The women would carry the heavy supplies on their heads without flinching, all the while walking barefoot on the razor sharp rocky beaches. The beach has caused many injuries and it’s only when you step foot on it that you realize why: thousands of broken shards of glass lie scattered on its sands, from empty bottles accumulated by the tide and other careless littering in the sea. It’s a horrible truth to witness such a hazard on a beach where the Moken live, but the kids who come to play around the boat make you feel at ease when you see them running around the beach without shoes dodging the glass like little acrobats.
But the shards of glass on the beach are nothing compared to the amount of trash swept up on the island’s beaches. Since the island is situated in a sheltered tidal bay, everything thrown into the sea comes up with the tide and covers the beach with a thick crust of garbage. The fishermen from the mainland have no respect for the environment; they throw everything into the sea, from dirty rags to empty tin boxes. As a result, the seawater in this area is practically toxic, and the low tide exposes the sludge on the bottom.
When we’d reach the school at around 9 am, the kids would already be there, along with two local teachers who would help them prepare for the day. Lunchtime for the kids would start at around noon, right after songs and prayers to thank those responsible for the food. When the kids finally finished their food they knew what procedure to follow: put the bowl in the tub, clean your hands and put powder on your face before getting a pillow. The staff would put them to sleep on the floor by sitting next to them and tapping their legs until they fell asleep—something I never understood but did not think to question since it always did the trick.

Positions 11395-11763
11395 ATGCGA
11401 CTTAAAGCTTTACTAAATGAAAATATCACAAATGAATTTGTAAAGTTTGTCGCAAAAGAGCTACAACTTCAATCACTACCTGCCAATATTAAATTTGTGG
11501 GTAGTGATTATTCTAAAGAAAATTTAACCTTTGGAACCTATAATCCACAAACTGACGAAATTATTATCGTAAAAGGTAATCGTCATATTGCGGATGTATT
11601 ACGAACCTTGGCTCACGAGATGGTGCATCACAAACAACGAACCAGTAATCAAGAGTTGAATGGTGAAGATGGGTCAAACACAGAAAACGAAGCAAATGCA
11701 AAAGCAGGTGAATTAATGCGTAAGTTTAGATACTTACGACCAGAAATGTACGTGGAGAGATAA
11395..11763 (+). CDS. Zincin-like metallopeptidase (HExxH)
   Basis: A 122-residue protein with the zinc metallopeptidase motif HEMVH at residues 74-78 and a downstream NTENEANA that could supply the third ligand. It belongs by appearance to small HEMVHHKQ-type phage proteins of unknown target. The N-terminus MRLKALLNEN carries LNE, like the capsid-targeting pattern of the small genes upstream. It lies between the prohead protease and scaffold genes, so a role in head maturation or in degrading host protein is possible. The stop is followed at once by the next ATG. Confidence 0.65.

After a while on the island, my role as a dictionary author and photographer evolved into the role of assistant English teacher. I would teach them to say ‘thank you’ each time I gave them a snack. Many kids had difficulty pronouncing the words, but we were just happy that we got them thinking about it at such an early age.
But despite the initiatives and the gradual improvement to the lives of the Moken, there is a darker side to their story.
The Moken children are necessarily the most valuable aspect of the project, since they are the ones who will build the community’s capacity to survive. But they are also the ones most at risk; infant mortality is so high that babies, rather disturbingly, are usually not named for the first few months of their existence. Alcoholism is rife within the community, especially amongst men. The entire economy of the island is controlled by a single ethnic Thai individual who owns the only shop – controlling the supply of necessities such as food and fuel, and vices like cigarettes and alcohol.
Teaching the Moken kids to count and speak up for themselves is perhaps the only way out of this situation. For the Moken are truly remarkable people worth saving. No matter what life throws at them—sickness, malnutrition, hunger—they persevere; they still manage to put on a smile and beat the odds. It makes you wonder, if our roles were reversed, how would we survive without our mobile phones and iPads? Looking at the way the Moken Sea Gypsies live their lives brings one back to earth, back to the true reality, away from needless toys that distract us far too much from who we really are and what we are capable of.
Touched by the plight of the Moken people? Get to know them (especially Sewai) better at Stefan’s blog : A Moken Experience